This project, which aims to spread Olympic spirit and to translate the meaning of the “People’s Olympics” motto into true mass public involvement, has been received enthusiastically in each city that it has visited and viewers are encouraged to vote for their favorite sculptures.   

In the last round of judging, expert opinion, along with public votes, narrowed the winners to 110 designs.  Ultimately, 29 sculptures, symbolizing the 29th Olympiad, will be awarded gold, silver and bronze medals and the winning sculptures will become part of the urban landscape in Beijing to commemorate the Beijing Olympic Games.  

Navy Pier is located on Lake Michigan, just East of Chicago’s Downtown and has been a Chicago landmark since it opened in 1916.  It boasts 50 acres of parks, promenades, gardens, shops, eateries and attractions.  

(BEIJING, Oct. 5) – The Olympic Museum is exhibiting over one hundred sculptures from around the world that aim to be part of Beijing’s Olympic landscape.

“When we opened the Sport and Olympic Museum, we wanted it to have some link with Barcelona 92, as well as future Olympic Games,” said Sports Councillor Pere Alcober. An exhibition entitled 2008 Beijing Landscape Collection, which is now on for a month, is an example of the latter aim.The travelling exhibition, which is visiting 90 countries, has brought 110 sculptures here, the finalists in a competition to choose the 29 that will be built around Beijing’s sports city.

That figure has been chosen to symbolise the fact these will be the 29th Olympics. Visitors to this temporary exhibition will be able to vote for the sculpture they like most. They include two of the five Spanish designs selected, out of over 2,500 works submitted, namely those of Alberto Udaeta and Alfredo Lanz Rodriguez, who said they were invited to take part in the competition.Udaeta submitted a sculpture in the shape of a column with scales, called “Fuerza de equipo”, while Lanz Rodriguez, submitted “Group Sculpture”, a collection of three sculptures representing different athletes.

Among the sculptures you can see at the exhibition are some that recall the classical figures of Greece and Rome, others the oriental tradition and yet others that are more abstract.Many are inspired by Olympic symbols like the Olympic rings or the Olympic flame.Figures include all kinds of Olympic sportsmen and women, from athletes to swimmers, even

skiers.This variety is also reflected in the different materials and finishes, with some very colourful sculptures and others with brilliant finishes.Some of the items can be seen at the entrance to the museum, which was inaugurated in March this year, while others can be found inside the entrance and the temporary exhibition room.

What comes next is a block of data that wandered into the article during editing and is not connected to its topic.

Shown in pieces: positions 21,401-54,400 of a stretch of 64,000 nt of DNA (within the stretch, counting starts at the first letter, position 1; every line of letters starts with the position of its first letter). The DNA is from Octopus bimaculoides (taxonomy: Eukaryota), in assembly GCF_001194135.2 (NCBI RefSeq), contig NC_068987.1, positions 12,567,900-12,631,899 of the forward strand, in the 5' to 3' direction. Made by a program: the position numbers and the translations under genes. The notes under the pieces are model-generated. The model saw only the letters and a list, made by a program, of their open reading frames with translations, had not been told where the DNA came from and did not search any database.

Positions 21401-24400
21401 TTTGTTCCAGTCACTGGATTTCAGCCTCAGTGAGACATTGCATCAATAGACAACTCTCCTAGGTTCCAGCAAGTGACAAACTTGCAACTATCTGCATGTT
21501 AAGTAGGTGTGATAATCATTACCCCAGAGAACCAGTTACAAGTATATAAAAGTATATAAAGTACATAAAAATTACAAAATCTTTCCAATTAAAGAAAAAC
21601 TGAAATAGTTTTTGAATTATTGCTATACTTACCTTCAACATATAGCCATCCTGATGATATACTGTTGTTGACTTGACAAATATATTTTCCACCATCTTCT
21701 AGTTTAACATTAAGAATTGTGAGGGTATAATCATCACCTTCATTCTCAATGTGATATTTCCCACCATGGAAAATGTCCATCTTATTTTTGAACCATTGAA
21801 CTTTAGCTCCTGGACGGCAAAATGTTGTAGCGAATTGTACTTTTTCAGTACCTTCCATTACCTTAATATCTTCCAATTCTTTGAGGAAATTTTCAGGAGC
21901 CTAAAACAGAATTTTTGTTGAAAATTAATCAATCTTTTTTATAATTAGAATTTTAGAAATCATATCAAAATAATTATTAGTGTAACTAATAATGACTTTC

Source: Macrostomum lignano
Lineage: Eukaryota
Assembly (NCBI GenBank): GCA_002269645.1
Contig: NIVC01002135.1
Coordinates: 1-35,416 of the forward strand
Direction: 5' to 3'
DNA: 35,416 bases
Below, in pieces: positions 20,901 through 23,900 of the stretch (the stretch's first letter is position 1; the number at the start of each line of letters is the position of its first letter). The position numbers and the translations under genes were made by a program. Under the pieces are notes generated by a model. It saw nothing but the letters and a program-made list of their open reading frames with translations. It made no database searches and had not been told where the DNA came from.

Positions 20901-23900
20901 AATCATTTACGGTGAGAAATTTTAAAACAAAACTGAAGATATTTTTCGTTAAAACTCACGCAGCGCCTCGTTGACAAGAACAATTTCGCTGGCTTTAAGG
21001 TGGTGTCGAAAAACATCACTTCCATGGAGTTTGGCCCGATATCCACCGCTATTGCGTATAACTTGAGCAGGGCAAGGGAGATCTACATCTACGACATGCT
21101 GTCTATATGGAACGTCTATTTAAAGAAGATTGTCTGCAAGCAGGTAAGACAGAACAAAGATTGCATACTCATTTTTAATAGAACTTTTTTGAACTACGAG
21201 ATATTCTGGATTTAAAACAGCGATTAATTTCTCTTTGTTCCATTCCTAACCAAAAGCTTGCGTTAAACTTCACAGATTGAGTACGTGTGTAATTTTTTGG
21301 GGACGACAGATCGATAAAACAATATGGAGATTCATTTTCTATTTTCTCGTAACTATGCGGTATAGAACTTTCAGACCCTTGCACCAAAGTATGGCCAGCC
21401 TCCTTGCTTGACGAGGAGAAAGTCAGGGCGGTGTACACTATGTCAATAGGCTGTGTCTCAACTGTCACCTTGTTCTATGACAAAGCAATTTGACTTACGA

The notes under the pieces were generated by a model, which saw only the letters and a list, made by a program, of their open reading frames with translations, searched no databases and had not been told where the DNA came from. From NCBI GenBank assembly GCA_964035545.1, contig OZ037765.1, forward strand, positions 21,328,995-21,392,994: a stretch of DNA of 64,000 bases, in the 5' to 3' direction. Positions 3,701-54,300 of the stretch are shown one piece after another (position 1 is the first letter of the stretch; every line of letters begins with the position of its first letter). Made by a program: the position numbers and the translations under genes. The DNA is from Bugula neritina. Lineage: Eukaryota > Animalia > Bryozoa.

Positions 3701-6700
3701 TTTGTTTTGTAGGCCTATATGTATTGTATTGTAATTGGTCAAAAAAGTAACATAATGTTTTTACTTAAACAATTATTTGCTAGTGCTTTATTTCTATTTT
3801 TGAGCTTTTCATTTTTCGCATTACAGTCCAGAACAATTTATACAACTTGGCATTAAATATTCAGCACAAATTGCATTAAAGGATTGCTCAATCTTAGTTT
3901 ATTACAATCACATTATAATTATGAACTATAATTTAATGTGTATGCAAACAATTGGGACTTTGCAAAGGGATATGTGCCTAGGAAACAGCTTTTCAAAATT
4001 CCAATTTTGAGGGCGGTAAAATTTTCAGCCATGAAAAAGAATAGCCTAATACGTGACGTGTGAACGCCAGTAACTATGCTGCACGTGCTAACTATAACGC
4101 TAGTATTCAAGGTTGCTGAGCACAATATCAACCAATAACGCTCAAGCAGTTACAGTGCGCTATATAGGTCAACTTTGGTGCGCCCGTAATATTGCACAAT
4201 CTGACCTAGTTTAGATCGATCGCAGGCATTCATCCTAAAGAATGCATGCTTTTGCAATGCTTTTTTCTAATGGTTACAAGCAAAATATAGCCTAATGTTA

Exposició ‘2008 Beijing landscape collection’

From 05/10/2007 to 05/11/2007

Fundació Barcelona OlímpicaAv Estadi, 60Sants-Montjuïc   The Website of Barcelona City



Beijing Olympic sculptures come to Capital

4 October 2007

Beijing Olympic sculptures come to Capital

Click for big version

The Five Elements *******The Beijing Olympic Games – or at least the 2008 Olympic Landscape Sculpture Contest Exhibition – come to Wellington on Friday 12 October.

The exhibition, in the Michael Fowler Centre’s Renouf Foyer, is free and runs until Monday 15 October. It then goes to Fiji and Chicago.

Inspired by the immortal sculptures of ancient Athens, the Beijing Organising Committee of the Olympic Games (BOCOG) organised an international competition in 2005. Artists from around the world were invited to submit their sculpture designs, depicting some aspect of the Olympic Games or the Olympic Movement. More than 2000 entries from 90 countries were received.

Click for big version

Colossus the Olympic*******

In 2006 the exhibition was formed after a panel of judges selected their 110 favourite pieces. After its tour to major cities with an Olympic connection, the judges will award 29 of these sculptures with gold, silver and bronze medals. They will be shown at various Beijing sites during next year’s Games.

Derek Fry, Wellington City Council’s Director of City Services and Events, says Wellington is fortunate to host the exhibition. “We’d like to thank the Beijing Organising Committee and the New Zealand Olympic Committee for helping bring us this unique exhibition. These works are a visual treat, and convey the Olympic spirit.”

>From the earthy energy of The Five Elements to the gravitas of Colossus the Olympic, the works will impress people. Finely wrought in high-quality materials such as copper and bronze, the sculptures have a substantial heft (weighing on average more than 50kg) and presence. In various styles, they are full of imagination, demonstrating the themes of peace, friendship, competition, harmony and progress.

Pierre de Coubertin founded the modern Olympic Movement in 1894, recognising the value that sport could play in developing the “Body, Will and Mind”. Cultural activities and competitions have remained an integral part of the Olympic Movement and, in particular, art with an Olympic dimension has been exhibited at Olympic Games since 1912.

Scoop/Welllington City Councel